This Land Like A Mirror

This past summer, I wrote a novella.  It was, nominally, about the summer I spent working at a theatre company called Unto These Hills.  Parts of it were funny, and parts of it were mundane, but the thing it ended up circling around, unsurprisingly, was the death of a friend.  This an excerpt from that novella, which I wrote as a series of vignettes.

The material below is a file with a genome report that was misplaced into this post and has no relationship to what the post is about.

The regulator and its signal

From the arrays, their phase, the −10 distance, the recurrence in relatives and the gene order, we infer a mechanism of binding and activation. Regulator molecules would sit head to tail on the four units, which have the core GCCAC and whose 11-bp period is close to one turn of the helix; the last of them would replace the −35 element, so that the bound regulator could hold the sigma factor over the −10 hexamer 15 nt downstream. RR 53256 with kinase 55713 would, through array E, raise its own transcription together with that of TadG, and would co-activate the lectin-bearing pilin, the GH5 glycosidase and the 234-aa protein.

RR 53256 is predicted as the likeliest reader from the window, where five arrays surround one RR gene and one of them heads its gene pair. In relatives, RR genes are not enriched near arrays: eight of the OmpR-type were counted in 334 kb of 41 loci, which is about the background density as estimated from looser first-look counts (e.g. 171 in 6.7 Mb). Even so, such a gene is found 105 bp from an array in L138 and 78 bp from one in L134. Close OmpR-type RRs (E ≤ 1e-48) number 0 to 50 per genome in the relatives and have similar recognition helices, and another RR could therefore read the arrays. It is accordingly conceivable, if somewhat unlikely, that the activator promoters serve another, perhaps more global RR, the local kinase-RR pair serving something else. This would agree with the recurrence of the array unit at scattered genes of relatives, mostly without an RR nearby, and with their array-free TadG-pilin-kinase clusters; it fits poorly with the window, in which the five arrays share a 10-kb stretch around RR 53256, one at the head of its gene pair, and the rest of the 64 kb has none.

We had become, in the moment of confirmation, when Josh pronounced the verdict in his broken voice, a sort of improbable ground zero; we knew Peyton, and we knew her friends, and we knew who needed to be told. We were one of the first branches in a horrible phone tree, tasked to spread the news that one of ours was gone. We wouldn’t let Josh make any of the calls, though he offered, gasped through his tears that he needed to call Ashley, her best friend, tell her. Chris told him no, Renee told him she’d take care of it. That was for the best. Josh was wreck, and Renee hadn’t known Peyton very well, but she was basically Ashley’s second mom, so she could hold it together enough to tell Ashley and Ashley knew her well enough that it would be comforting. There were a lot of ‘Oh God’ moments that night. ‘Oh God she’s dead’, ‘Oh God we need to tell…’, ‘Oh God why’. I said I’d call the stage managers from our department, the ones we’d both been friends with, people who needed to know, who I didn’t want hearing the news from Facebook. Someone, I’m pretty sure Renee, whose mom instincts were working hard that night, asked if I was sure I could do it, if I’d be ok. I said yeah, that I needed to do something, that I would be fine. I didn’t realize, then, how hard it would be. I called Tripp first, I’m pretty sure. Parts of that night blur together until I’m no longer sure of the timeline, but the individual moments stand out in vivid detail. Tripp was my good friend, one of our fellow stage managers, who’d worked under Peyton and grown to be her friend. We used to invite Peyton to our weekly lunch dates if we saw her in the lobby, and if she wasn’t meeting Josh, she’d join us and we’d talk and laugh and eat together. I don’t know why I chose to call him first that night, if it was even a conscious choice. Maybe because I knew him, and he knew me, and so I had a better idea what to say. Maybe because Tripp is the kind of person you can call at 3 A.M. to bail you out of jail, and he’ll come. Maybe because I just needed someone who I knew would share my grief in a similar way, and Tripp, too, is a person who fixes things. Whatever the reason, I called, he picked up, and I asked him where he was, what he was doing, just in case. I don’t remember what he told me, but he wasn’t at work, or driving, or somewhere a shock could get him hurt. So I told him, gave him what little we knew of the details. There were a lot of monosyllables and silence in that conversation, neither of us sure what to say, trying to read each other over the crackling phone. He thanked me for telling him, and we hung up. It was odd being thanked for calling about a dead friend. I breathed in deep and dialed another number.